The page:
Our last day at Walt Disney World had me very excited. We were in Hollywood Studios, and of all the parks, that is the only one that has attractions I have not yet experienced.
There are a number of rides here that my husband and E cannot ride due to Loeys-Dietz Syndrome, but I decided to tackle them alone. Several of the staff members on our trip had said the Twilight Zone Tower of Terror was an awesome ride so it was on my list for the day’s first.
I got a fast pass so it would reduce my wait time. I walked toward the ride with about 15 minutes remaining until I could use the fast pass. The Aerosmith’s Rockin Roller Coaster is next to the Tower of Terror. As I neared the attraction, I saw there was no waiting for single riders at the coaster. Since I’ve never experienced this ride, I made the spontaneous decision to try it out before going to the Tower of Terror.
I love Aerosmith so I was excited to get on this ride. Like everything at Disney, it’s not just a ride. It is a total experience that begins with a video to set up a story. The video has Aerosmith explaining that you have been given passes to a concert that is beginning shortly. Their manager has arranged to pick you up in a very fast stretch limo so you can get to the concert on time.
Many coasters begin with that signature climb and huge initial drop which provides the momentum for a coaster’s speeds. However, this coaster is different. It begins with what could be described as a slingshot start. It blasts you into a dark tunnel with Aerosmith music blasting in your ears. You must start the coaster with your head against the headrest to avoid having it slung back. In the dark tunnel are various scenes illuminated by black light. It’s a pretty awesome experience that provides more twists and turns than hills and drops.
I disembarked that ride and walked to the Tower of Terror. It probably wasn’t the best decision to go from one thrill ride to another, but oh well…. I was so nervous headed into this ride. My impression was it put you into a closed cavern then raised up, opened up doors to show just how high you were and then a free fall drop. Nope. I was wrong.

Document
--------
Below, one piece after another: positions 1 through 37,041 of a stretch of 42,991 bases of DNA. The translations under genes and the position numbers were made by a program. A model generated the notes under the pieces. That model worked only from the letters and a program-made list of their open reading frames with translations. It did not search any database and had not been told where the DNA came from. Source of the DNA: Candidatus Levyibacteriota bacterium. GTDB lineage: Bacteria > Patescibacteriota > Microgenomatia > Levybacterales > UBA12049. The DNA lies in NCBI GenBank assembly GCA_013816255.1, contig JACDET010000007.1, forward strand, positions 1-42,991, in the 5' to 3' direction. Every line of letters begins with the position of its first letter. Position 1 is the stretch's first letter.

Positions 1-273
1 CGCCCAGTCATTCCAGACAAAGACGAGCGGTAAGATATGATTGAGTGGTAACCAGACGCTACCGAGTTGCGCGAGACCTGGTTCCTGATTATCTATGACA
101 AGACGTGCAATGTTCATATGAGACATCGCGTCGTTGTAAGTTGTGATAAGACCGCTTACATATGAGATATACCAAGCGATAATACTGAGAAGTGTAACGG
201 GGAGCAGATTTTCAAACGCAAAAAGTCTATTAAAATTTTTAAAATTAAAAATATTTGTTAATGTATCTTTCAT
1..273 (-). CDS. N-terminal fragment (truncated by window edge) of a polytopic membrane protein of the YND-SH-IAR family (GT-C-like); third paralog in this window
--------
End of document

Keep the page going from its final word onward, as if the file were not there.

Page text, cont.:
Initially, you have scenes that are very Twilight Zone-like. That was pretty cool. However, my anxiety was rising because I knew a drop was coming. I grabbed the handle bar next to me. A young man who looked to be 17 or 18 was seated next to me. He began to reach for the handle bar I had grasped. I looked over at him with my most serious look and told him, “This is my handle bar. You’re gonna have to fend for yourself.” He laughed. I did not. I then said, “No, I’m serious. This is mine.” He laughed harder.
The anticipation builds and builds. It is crazy. It began moving up. Then stopped. Then moved up again. Then it happened. It dropped leaving my stomach on the 9th floor while my body dropped to the 4th floor. Then it moved up and down, up and down, up and down. The doors opened during that series of drops and raises. I began praying — I mean that literally, not figuratively. I prayed that God would just let me finish this ride without puking on the poor souls in front of me.
I know. There are people starving, dying, famished, in poverty, and here I am praying to keep from puking. I don’t care. Judge me if you like. God knows how close I was to sharing my fruit loops with the old man in front of me. If the old man were aware, he would have been praying for the same thing, too.
There was no screaming….only silence from my body. I didn’t want to take the chance of opening my mouth, just in case. When it all ended, I looked at the teen beside me and asked, “Is it over?” Again, he laughed and said yes. I let go of the handle bars. I could have hugged him even though he was cracking up at me. I was the first one off that ride. I vowed never to ride it again.